1) INT.(2->1)[lnX / X^2]dX --------------(1)Originally Posted bynirva

By parts.

INT.[u]dv = uv -INT.[v]du ------(i)

Let u = lnX

so, du = (1/X)dX

And dv = dX / X^2

So, v = -1/X

Then, for the indefinite integration of (1),

INT.[lnX / X^2]dX

= (lnX)(-1/X) -INT.[-1/X](dX /X)

= -(lnX)/X +INT.[1/X^2]dx

= -(lnX)/X +(-1/X) +C

= -(LnX)/X -1/X +C

And so for the definite integration of (1),

= -[(lnX)/X +1/X](2->1)

= -[ln(1)/1 +1/1] +[ln(2)/2 +1/2]

= -1 +(1/2)ln(2) +1/2

= (1/2)[ln(2) - 1] -----------answer.

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2) INT.[cos(lnX)]dx -----(2)

Whoa, this could be long, so let me skip some steps.

Let U = lnX

So, X = e^U

and, dU = dX /X

dX = X*dU = e^U dU

Then, substitute those into (2),

INT.[cos(lnX)]dX

= INT.[cosU](e^U dU) ------(2a)

Integrate (2a) by parts:

INT.[r]ds = r*s -INT.[s]dr

r = e^U; so, dr = e^U dU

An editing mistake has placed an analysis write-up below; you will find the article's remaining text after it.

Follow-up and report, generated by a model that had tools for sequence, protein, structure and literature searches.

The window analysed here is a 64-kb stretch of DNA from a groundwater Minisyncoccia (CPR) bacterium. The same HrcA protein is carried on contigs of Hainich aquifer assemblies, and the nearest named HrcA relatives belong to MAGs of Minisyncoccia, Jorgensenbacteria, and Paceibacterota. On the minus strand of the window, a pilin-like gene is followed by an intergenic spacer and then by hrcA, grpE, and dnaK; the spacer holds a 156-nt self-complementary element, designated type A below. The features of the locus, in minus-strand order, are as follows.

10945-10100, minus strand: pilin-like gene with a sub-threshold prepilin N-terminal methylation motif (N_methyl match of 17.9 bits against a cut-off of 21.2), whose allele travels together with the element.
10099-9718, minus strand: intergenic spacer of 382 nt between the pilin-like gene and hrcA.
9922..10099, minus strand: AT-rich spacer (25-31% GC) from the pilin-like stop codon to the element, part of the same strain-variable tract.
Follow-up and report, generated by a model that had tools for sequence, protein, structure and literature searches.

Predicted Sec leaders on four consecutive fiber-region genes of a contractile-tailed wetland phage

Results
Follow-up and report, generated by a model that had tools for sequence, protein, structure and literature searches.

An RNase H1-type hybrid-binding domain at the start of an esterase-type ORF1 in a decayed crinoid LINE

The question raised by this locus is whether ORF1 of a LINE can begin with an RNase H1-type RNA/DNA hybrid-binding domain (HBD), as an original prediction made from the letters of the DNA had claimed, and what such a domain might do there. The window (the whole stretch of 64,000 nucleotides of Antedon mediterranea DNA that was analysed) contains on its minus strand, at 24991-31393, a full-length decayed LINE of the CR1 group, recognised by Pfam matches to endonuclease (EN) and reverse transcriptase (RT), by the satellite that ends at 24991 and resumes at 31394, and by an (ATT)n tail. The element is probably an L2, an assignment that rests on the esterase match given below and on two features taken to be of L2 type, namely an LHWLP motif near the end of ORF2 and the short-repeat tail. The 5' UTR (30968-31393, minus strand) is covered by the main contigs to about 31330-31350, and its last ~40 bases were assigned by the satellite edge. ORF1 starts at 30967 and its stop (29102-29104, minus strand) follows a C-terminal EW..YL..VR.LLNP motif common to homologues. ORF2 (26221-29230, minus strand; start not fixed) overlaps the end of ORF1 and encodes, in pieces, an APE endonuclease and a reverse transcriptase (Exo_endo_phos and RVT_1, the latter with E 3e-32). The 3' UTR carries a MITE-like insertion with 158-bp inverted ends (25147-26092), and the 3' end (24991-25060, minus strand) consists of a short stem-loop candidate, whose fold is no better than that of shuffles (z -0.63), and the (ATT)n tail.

ds = cosU dU; so, s = sinU

Then, back to (2a),

= e^U *sinU -INT.[sinU](e^U dU)

= e^U *sinU -INT.[e^U](sinU dU) -------(2b)

Integrate the last part of (2b) by parts again,

INT.[m]dn = m*n -INT.[n]dm

m = e^U; so, dm = e^U dU

dn = sinU dU; so, n = -cosU

Then, back to (2b),

= e^U *sinU -{e^U *(-cosU) -INT.[-cosU](e^U dU)}

= e^U *sinU +e^U *cosU -INT.[cosU](e^U dU) -------(2c)

The last part of (2c) is the same as (2a),

And since (2a) is (2) also, then,

= e^U *sinU +e^U *cosU -INT.[cos(lnX)]dX

Transpose the last part to the unseen LHS,

2(INT.[cos(lnX)]dX) = e^U *sinU +e^U *cosU

So, divide both sides by 2,

INT.[cos(lnX)]dX = (1/2)[e^U *sinU +e^U *cosU]

Substituting back away from U,

INT.[cos(lnX)]dX = (1/2)[X*sin(lnX) +X*cos(lnX)]

Therefore,

INT.[cos(lnX)]dX = (X/2)[sin(lnX) +cos(lnX)] +C. --------answer

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For general derivatives or integrals, go to this website:

http://www.sosmath.com/tables/tables.html

(Sorry, I do not know how to link.)

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Hey, it automatically linked. Amazing.